Cushman & Wakefield: Five Ways To Maximize Office Relocation Opportunities

Cushman & Wakefield: Five Ways To Maximize Office Relocation Opportunities

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Chamber Member News Post Date: 04/28/17 Source: Cushman & Wakefield By: Dominic Brown
Summary

Globally, office markets are diversifying. The rise of new fringe markets, suburban markets and bespoke business parks have provided fierce competition to established central business districts (CBD) locations. Along with decisions surrounding country and city locations, occupiers now have to assess a range of potential locations within a city as well. While this presents a range of opportunities, each of the markets and sub-markets offer their own set of advantages and disadvantages.

Here are five key factors outlining a systematic approach to analyze office location strategy. All can be combined into a composite index with variables assigned different weightings based upon their level of importance.

1.) Define Market Catchment

While it is readily presumed a smaller market will draw workers from a smaller area, this in itself is inherently fuzzy and does not provide any formal delimitation. In the absence of reliable data, using an arbitrary buffer radius offers the simplest approach. However, a detailed analysis of journey to work patterns provides a far more comprehensive view that directly reflects commuter flows and highlights from where the largest volumes of workers are sourced.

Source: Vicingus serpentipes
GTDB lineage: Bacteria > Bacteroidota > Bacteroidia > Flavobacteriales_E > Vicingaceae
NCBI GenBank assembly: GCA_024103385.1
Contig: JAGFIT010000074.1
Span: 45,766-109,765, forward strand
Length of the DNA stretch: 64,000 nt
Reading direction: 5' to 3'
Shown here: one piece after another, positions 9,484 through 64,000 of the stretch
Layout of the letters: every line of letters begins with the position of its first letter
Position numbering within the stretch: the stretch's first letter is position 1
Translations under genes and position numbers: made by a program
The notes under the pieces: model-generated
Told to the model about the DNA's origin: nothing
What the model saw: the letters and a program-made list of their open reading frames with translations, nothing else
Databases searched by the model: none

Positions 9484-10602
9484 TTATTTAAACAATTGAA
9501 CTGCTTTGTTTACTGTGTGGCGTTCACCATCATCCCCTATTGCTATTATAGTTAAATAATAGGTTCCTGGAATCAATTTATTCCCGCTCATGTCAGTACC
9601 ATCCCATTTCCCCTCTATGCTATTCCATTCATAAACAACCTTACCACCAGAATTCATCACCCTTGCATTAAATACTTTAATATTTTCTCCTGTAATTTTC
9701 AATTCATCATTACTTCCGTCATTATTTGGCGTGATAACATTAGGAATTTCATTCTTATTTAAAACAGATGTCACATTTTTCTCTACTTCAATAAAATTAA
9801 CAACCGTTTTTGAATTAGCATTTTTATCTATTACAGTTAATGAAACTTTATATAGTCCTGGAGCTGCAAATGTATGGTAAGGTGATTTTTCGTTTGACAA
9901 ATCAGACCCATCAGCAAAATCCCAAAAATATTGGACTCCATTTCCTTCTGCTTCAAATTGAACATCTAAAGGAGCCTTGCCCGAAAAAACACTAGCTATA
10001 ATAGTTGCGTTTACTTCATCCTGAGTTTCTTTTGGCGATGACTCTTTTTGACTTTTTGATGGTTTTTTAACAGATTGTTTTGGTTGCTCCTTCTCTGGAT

2.) Identify Demographic Characteristics

Demographic characteristics of the catchment population are critically important. With today’s “war on talent,” access to a high-quality workforce, that reflects the needs of the company, is imperative. Whether it is relocating a head office, development of a new call center or consolidating back office functions – the need for quality staff is constant. The educational, occupational and demographic requirements of the staff, though, will vary.
In determining the target demographics of a workforce and their subsequent position, consideration should be given to factors such as the location of university campuses, areas with young families where parents may desire more flexible working conditions and concentrations of workers with tertiary education. Such information is readily available from government data. An understanding of your target employees is essential; with that each catchment can be assessed on whether it offers what is required. Read Full Article